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You will be given a ID as a input to a process. We need to find if its a PID or TID This ID can be of any process not necessary of the same process. For example:

.\a.out 1234

Output: its a Thread ID.

I need to get the same info im my program. If I do

ps -elf | 1234 

it will list all entries with the given ID. The Entry with PID and TID are same is a process and if those are different then its a thread. I want to do the same through C program

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closed as not a real question by ChrisBint, Mat, Joachim Pileborg, hims056, alk Oct 23 '12 at 13:03

It's difficult to tell what is being asked here. This question is ambiguous, vague, incomplete, overly broad, or rhetorical and cannot be reasonably answered in its current form. For help clarifying this question so that it can be reopened, visit the help center.If this question can be reworded to fit the rules in the help center, please edit the question.

What have you tried? Where's your work? Have you read How to Ask a Question? How about the FAQ? – jszakmeister Oct 23 '12 at 9:58
You question is incorrect: learn about PID & TID here: stackoverflow.com/questions/4517301/… – Grijesh Chauhan Oct 23 '12 at 9:59
I know that I can get PID and TID by using 'ps' command. I need to get the same info im my program. If I do ps -elf | 1234 it will list all entries with the given ID. The one with PID and TID are same is a process and if those are different then its a thread. I want to do the same through C program. Any idea how can I do? – Piyush Oct 23 '12 at 10:03
You might like to check out how they do it: procps.sourceforge.net – alk Oct 23 '12 at 13:03
As this can readily be done searching the /proc filesystem for a first level process, or second level thread entry (for processes belong to the same user, or by the superuser) it seems this is another case of a question being closed by people who simply do not understand the subject. – Chris Stratton Oct 23 '12 at 14:42

PID and TID both are number(identifiers). How would you differentiate? In single threaded code both PID & TID are same.

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The best you can do is to check against your current thread or process. Use getpid() to get current process id, if it is the same as the given pid, it is obviously a process id.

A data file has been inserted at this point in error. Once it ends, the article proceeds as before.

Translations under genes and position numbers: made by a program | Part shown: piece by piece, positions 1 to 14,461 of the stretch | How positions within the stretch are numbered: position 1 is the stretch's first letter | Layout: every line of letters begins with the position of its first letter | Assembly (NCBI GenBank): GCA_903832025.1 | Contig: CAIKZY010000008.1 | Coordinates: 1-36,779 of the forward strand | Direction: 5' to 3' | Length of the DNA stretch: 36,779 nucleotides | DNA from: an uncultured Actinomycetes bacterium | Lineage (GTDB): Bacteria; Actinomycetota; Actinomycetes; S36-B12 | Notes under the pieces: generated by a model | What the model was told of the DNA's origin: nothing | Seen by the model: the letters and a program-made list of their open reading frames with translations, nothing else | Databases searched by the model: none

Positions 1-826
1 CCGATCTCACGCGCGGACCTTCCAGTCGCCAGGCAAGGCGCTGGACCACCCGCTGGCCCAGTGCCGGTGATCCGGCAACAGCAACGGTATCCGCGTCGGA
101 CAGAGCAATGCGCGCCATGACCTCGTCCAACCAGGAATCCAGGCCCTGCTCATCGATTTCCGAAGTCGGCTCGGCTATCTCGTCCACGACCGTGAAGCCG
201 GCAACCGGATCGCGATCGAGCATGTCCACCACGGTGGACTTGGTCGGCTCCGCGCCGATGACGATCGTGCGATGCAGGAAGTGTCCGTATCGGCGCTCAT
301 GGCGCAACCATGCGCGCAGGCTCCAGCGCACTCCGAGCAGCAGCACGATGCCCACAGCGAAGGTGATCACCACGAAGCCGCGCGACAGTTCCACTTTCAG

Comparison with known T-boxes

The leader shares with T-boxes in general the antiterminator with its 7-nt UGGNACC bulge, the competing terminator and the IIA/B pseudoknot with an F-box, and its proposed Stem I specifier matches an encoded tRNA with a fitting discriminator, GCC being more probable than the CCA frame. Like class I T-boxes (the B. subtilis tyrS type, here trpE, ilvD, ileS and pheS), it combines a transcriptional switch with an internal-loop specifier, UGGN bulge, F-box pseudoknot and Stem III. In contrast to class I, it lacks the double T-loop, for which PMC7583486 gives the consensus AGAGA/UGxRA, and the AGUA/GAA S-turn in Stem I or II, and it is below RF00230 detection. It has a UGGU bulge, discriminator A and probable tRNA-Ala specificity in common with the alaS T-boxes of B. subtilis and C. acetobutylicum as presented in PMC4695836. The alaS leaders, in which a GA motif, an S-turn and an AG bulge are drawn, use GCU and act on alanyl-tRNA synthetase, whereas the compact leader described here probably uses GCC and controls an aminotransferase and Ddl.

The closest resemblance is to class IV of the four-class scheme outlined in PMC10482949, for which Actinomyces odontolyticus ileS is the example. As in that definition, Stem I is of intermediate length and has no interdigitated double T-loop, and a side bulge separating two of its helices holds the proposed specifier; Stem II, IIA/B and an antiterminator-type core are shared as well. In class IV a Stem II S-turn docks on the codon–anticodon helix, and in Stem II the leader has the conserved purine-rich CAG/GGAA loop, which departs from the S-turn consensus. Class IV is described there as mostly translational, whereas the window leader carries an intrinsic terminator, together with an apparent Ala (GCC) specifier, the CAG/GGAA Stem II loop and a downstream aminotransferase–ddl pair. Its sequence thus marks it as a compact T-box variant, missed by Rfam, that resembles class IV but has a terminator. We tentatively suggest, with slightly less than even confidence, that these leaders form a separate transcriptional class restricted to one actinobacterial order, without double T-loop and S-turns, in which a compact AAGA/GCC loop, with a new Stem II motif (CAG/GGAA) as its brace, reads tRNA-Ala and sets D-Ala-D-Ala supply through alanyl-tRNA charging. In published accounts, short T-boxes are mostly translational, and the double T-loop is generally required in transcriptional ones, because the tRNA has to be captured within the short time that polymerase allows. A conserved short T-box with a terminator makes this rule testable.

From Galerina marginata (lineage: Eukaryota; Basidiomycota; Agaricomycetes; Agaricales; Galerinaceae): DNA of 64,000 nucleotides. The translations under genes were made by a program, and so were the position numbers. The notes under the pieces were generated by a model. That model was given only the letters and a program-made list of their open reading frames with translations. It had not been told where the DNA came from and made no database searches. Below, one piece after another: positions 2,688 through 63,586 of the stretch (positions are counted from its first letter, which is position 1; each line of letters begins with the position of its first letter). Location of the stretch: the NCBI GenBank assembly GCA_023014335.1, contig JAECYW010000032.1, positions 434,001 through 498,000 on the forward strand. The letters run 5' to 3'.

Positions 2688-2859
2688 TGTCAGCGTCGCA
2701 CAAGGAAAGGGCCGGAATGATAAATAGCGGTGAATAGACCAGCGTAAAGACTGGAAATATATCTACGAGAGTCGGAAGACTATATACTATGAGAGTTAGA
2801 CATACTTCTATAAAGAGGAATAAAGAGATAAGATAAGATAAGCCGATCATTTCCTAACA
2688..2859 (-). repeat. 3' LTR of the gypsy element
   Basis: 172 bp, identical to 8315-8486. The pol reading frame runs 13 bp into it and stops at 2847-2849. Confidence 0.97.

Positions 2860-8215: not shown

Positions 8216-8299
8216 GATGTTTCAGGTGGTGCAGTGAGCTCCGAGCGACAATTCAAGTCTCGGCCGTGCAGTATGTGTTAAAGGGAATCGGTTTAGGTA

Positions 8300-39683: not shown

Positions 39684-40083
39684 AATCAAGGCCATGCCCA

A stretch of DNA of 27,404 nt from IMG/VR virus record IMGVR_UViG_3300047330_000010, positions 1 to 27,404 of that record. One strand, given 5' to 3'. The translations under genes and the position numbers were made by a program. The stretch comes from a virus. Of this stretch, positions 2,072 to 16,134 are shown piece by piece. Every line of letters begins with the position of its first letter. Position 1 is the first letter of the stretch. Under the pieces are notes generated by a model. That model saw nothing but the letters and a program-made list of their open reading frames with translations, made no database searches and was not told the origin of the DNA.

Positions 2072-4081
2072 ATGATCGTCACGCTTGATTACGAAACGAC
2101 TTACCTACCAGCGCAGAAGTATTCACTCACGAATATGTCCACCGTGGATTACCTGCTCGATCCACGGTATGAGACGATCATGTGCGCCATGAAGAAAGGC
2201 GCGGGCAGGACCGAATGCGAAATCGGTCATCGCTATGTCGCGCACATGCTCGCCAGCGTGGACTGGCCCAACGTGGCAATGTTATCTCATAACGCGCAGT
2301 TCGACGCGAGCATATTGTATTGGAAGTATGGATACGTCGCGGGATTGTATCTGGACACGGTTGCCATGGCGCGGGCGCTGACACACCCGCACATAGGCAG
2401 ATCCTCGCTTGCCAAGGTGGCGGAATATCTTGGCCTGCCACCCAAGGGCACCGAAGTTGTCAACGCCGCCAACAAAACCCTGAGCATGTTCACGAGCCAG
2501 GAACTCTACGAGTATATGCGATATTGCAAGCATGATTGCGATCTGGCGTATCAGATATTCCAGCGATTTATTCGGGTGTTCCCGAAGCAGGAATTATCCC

pthread_self() returns the current thread's id.

However, this would be of no use when it can belong to another process or thread.

This is for POSIX threads and fork process api

EDIT: @Chris suggested that proc file system can be explored for other process and thread id's. One might require privileged access though. Details are explained in the comments under the question

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No, one is not limited to checking information about threads in the same process, though information about processes belonging to other users may not be accessable. – Chris Stratton Oct 23 '12 at 18:43
Your comment is vague and i don't fully understand it. All i said is since you know your own process id and thread id, if it is one of them, you can tell whether it was a pid or a thread id. What is wrong with that? When one counters an answer, you should give some better detail about your opinion some api ref, code etc. or point to some standard which better helps resolving the problem at hand. – fayyazkl Oct 23 '12 at 19:54
You said that the best one can do is check against the current thread or process. That is nowhere near the best that can be done, as it is limited to checking parts of the current process while the question specifically states that the number may belong to any process. In contrast, using the /proc filesystem you can check at a minimum against the threads of any process belonging to the user, and possibly any belonging to any user. – Chris Stratton Oct 23 '12 at 21:00
Agreed but is it guaranteed? I believe it is not always possible to access pid and tid of others as you mentioned too. So isn't it guaranteed to be only able to check only your own? and every thing else on chance. Secondly, I am not sure if i can distinguish process ids vs tids while checking proc. Can you elaborate how to do that? – fayyazkl Oct 24 '12 at 2:46
See my comments above – Chris Stratton Oct 24 '12 at 3:41

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